The Benefits of Composting and How To Get Started
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Composting is the natural process of recycling organic matter like plants and food scraps. This process occurs every day in nature as mushrooms feast on decaying logs and worms help to decompose dead animals, fruits, and leaves. However, humans can also get their hands dirty and join in the composting fun. In doing so, they can help minimize waste, enrich the Earth’s soil and conserve essential resources.
Each year, Americans throw away nearly 220 pounds of food per person, most of which ends up in landfills. According to the FDA, this waste equates to 30% to 40% of the United States’ food supply. Of course, this amount of waste has far-reaching impacts on the environment and society.
Food that could have helped hungry families ends up in the garbage and animal ecosystems. Processing, transporting, storing and disposing of waste squanders valuable resources like water and energy. Meanwhile, the U.S. continues to dedicate more land to farming, thereby destroying natural habitats and exploiting even more nonrenewable resources.
Luckily, composting can help cut down on this immense amount of waste and minimize humans’ effects on the environment. In fact, if everyone in the U.S. composted all of their food waste, carbon emissions would drop as if there were 7.8 million fewer cars on the road. There would also be more room in landfills for unrecyclable items and those that take many years to decompose.
Composting can also improve natural habitats by enriching the soil and making it a healthier environment for plants and animals. Organic materials and food matter will often attract decomposers like worms and fungi that will break down compost and turn it into nutrient-rich soil.
Adding this material to your garden can balance the soil’s pH and make nutrients more readily available for plants. In turn, this rapid absorption of nutrients can help control soil erosion, support healthy plant growth and extend the growing season by moderating soil temperature.
You can also make worm compost tea to spray on plants as an effective alternative to chemical fertilizer. Steep worm manure from your compost bin in water overnight. Use a fish tank bubbler to add extra oxygen to the tea and boost microbial activity. Then, water your indoor and outdoor plants with the tea to fertilize the soil and stave off disease.
Conserves Water and Land
Turning waste into reusable organic matter is nature’s recycling system. When you use composting to recycle your waste, you do your part to conserve the Earth’s resources, one of them being water. Soil with 1% organic matter content can hold 1.5 quarts of water per cubic foot. Therefore, the more compost you add to your garden, the more drought-resistant it will be. Since it slowly releases water to plants, you won’t have to water as frequently, either.
Composting can also make people more aware of how much food they waste. Eventually, they may begin to shorten their shopping list and minimize waste before it even reaches the table. While this method may leave them less food to send to compost, it will conserve more water and land by decreasing global food demand.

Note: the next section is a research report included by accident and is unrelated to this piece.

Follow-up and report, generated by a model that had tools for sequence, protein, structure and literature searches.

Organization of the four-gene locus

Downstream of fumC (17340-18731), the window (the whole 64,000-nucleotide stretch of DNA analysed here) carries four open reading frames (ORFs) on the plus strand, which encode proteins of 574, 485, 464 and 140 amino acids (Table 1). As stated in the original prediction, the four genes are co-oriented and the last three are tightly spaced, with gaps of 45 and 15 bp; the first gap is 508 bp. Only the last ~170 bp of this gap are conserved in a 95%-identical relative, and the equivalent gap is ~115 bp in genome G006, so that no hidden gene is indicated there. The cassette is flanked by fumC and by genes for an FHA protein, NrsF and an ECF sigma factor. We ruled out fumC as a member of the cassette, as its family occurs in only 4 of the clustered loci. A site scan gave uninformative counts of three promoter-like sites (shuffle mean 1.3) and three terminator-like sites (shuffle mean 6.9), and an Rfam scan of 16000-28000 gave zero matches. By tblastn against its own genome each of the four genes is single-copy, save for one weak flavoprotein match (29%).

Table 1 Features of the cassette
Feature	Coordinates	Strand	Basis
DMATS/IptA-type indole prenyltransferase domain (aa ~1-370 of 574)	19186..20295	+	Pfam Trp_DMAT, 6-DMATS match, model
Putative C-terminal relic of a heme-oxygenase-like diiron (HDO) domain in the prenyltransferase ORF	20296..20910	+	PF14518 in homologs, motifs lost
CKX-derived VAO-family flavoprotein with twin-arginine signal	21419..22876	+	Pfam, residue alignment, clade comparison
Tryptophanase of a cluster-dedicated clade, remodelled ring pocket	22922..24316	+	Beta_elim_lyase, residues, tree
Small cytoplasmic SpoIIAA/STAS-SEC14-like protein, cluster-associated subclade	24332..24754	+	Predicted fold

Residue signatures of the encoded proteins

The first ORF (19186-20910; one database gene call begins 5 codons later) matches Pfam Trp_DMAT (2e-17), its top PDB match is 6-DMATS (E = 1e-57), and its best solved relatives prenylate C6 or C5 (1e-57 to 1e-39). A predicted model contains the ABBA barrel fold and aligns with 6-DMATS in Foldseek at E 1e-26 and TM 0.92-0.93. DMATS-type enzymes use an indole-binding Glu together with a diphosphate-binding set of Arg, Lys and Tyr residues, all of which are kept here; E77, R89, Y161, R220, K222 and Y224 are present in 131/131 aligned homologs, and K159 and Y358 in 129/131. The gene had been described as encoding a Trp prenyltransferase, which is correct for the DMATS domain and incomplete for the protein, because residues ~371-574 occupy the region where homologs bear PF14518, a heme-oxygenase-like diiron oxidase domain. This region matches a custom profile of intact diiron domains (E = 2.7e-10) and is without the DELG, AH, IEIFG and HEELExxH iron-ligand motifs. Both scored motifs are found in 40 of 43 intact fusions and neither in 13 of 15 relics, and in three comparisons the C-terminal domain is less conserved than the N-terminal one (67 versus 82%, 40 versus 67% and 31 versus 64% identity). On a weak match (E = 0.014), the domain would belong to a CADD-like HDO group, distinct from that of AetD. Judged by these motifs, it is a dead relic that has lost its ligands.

Agriculture and food production consume 70% of the world’s water supply and half of all habitable lands, leaving only 37% for forests and 11% for grasslands. Livestock requires much more land and water and is more difficult to compost. Thus, changing your diet to consume less meat can effectively conserve resources, too. However, even plant lovers can support conservation efforts by eating what they buy and using the leftovers to grow their own food.
How To Compost at Home
Most people shrug off the idea of composting because they associate it with farming and industrial agriculture. However, this method of recycling isn’t just for rural populations. Everyone — even city dwellers — can reduce their waste and compost at home. All you need is food and a little determination. Here are a few things to keep in mind as you build and fill your bin.
- Your compost pile should have an equal amount of browns to greens. The brown materials will provide carbon, while the greens will infuse the soil with nitrogen, both of which are important for healthy compost.
- Teabags, coffee grounds, nut shells, yard trimmings, paper, wood, hair, eggshells, fruits and vegetables are all compostable.
- Fats, meat scraps, bones, dairy products, charcoal ash and pet wastes shouldn’t go in the bin. Some can create odor and pest problems, while others will take a long time to decompose or transfer disease or parasites to other plants as they do.
If you don’t have a yard or outdoor space for a compost pile, you can compost indoors using a countertop bin. As materials decompose, you can empty them into flowerpots or a nearby garden. Some grocery stores like Whole Foods may also accept compost donations.
Closing the Loop
Choosing to compost your scraps has a big impact on the planet and the way you see food. Moreover, it helps to close the loop between food production and disposal. Composting literally transforms trash into treasure and it’s about time more people began to embrace this natural, eco-friendly practice.
About the author
Jane Marsh is the Editor-in-Chief of Environment.co. She covers topics related to climate policy, sustainability, renewable energy and more.